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Nigeria Battles First Full-Year Negative Growth in 25 years

Nigeria Battles First Full-Year Negative Growth in 25 yearsNigeria Battles First Full-Year Negative Growth in 25 years

The Nigerian economy shrunk by 1.5% in 2016 for the first time in 25 years according to the National Bureau of Statistics, the first annual contraction in quarter of a century.

A major slump in price of crude oil battered the naira currency, and since crude oil sales make up two-thirds of the Nigerian government revenue, it is easy to see why the economy received a massive blow, Naij.com reported.

According to the statistics office: “This contraction reflects a difficult year for Nigeria, which included weaker inflation-induced consumption demand, an increase in pipeline vandalism, significantly reduced foreign reserves and a concomitantly weaker currency.”

Since oil production, is the main source of Nigeria’s revenue and production fell to 1.833 million barrels a day last year after 2.13 million bpd in 2015, partly due to militant attacks in the Niger Delta, it is easy to deduce the cause of the problem.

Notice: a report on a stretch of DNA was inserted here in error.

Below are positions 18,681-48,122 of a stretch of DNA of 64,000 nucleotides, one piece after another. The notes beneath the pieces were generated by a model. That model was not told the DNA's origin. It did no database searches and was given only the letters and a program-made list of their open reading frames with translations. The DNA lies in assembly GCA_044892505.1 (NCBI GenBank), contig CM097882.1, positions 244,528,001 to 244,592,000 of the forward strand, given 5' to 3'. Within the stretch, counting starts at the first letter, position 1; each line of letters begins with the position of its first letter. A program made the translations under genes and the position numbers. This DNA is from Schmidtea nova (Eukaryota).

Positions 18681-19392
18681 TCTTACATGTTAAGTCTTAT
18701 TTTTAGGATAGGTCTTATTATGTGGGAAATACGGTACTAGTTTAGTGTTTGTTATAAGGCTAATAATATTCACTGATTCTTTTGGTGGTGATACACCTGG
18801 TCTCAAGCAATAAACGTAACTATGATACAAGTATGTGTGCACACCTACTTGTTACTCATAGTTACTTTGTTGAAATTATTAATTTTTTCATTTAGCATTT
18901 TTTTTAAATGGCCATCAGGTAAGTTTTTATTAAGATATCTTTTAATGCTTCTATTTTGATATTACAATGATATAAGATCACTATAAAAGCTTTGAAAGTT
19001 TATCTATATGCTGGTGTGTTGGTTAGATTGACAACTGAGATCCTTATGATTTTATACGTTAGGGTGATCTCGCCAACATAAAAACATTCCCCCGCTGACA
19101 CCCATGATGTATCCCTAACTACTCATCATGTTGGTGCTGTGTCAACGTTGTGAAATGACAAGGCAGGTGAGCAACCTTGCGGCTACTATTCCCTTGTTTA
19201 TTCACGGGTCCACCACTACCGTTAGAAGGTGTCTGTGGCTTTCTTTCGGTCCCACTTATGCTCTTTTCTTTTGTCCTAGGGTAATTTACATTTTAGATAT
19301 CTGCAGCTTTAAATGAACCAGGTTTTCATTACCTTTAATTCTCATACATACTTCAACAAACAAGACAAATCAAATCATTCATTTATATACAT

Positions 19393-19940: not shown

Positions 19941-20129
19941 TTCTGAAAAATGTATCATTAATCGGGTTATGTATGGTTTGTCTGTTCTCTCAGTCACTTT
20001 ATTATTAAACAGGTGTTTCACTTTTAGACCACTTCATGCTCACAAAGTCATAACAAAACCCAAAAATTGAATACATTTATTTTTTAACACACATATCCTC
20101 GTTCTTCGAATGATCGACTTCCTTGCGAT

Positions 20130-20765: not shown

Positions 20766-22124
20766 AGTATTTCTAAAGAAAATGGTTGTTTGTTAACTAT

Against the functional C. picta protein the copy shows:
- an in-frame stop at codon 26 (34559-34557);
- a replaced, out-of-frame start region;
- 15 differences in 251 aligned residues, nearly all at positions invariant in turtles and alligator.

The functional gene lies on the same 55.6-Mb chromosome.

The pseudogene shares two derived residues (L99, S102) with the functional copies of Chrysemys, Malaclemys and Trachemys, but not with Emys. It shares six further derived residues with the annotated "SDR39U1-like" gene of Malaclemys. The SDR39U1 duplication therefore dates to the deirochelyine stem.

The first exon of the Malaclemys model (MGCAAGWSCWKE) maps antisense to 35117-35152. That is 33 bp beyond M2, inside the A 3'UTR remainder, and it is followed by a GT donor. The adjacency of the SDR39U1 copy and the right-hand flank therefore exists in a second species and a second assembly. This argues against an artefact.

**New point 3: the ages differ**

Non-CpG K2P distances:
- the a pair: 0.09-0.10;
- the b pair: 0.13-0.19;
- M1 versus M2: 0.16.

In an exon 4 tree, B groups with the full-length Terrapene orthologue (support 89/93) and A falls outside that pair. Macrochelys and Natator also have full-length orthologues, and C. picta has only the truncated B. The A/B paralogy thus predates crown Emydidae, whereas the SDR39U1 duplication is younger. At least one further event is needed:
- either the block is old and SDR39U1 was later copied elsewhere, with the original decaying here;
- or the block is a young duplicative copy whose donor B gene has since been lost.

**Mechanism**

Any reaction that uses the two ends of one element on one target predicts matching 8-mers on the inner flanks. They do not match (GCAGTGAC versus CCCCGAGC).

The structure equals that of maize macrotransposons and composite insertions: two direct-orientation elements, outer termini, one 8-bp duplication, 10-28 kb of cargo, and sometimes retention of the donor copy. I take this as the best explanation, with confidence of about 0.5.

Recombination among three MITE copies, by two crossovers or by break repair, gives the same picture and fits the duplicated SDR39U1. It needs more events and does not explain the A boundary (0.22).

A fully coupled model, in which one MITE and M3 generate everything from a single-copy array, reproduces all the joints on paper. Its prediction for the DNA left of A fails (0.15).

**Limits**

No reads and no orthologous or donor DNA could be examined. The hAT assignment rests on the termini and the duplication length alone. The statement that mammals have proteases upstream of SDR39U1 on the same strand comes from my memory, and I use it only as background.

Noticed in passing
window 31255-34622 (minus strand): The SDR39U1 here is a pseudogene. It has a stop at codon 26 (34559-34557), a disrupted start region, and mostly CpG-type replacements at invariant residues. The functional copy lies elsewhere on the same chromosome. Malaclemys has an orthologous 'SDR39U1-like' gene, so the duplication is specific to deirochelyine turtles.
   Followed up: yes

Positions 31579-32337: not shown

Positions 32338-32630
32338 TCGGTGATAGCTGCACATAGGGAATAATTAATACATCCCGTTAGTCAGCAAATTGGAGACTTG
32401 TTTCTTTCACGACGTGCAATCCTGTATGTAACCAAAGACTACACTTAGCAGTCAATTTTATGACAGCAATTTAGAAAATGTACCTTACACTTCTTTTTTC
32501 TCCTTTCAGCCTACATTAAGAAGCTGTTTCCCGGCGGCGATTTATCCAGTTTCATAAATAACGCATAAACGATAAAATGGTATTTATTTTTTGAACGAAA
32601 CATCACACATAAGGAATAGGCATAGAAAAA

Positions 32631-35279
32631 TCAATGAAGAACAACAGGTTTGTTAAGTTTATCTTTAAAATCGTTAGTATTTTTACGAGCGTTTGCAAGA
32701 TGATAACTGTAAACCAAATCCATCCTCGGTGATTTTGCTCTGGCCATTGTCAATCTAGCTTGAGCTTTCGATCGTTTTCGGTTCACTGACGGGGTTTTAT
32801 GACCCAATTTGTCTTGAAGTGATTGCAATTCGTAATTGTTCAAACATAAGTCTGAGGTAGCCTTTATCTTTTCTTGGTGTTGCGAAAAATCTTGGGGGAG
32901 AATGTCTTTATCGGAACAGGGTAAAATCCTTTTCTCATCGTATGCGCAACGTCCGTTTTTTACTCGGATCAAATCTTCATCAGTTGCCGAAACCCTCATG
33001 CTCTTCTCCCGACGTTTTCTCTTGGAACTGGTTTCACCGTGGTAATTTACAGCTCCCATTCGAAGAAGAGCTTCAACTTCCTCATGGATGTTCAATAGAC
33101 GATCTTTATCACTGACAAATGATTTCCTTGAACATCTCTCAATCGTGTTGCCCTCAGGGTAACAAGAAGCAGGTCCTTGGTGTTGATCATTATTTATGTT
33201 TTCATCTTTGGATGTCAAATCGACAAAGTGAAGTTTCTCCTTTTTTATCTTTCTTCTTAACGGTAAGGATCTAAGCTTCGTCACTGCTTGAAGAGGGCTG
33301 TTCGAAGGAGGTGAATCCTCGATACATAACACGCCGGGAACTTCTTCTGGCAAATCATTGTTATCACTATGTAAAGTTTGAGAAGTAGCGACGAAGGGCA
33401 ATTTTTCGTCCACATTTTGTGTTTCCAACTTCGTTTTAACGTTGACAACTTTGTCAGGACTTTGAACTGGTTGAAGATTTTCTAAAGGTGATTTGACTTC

The Nigerian economy has been running short of dollars as a result of lower foreign exchange earnings, which has weakened the local currency on the black market, where it trades far lower than the official interbank rate of 305 naira.

Although the central bank has increased dollar supply in recent days after effectively devaluing the naira for private individuals, the currency still trades at a more than 30% premium on the black market.

The non-oil sector fell 0.3% in the fourth quarter, and contracted by 0.2% in 2016 as a whole, compared with 3.75% growth in 2015.

Nigeria is highly dependent on imports, which need dollars, pounds or euros to pay their invoices. The supply of dollars began dwindling when the price of oil collapsed in 2014. The central bank removed the currency peg of 197-199 naira to the dollar in June 2016, but keeps the naira around 315 per dollar on the official market, restricting access to dollars for importers.

A shortage of foreign currency combined with high demand for dollars has sent the Nigerian currency to 455 to the dollar in the black market, which represents the naira’s worth more accurately. The central bank said last week that it would increase the supply of dollars to private individuals to pay foreign school fees and medical bills at 20% above the official rate.

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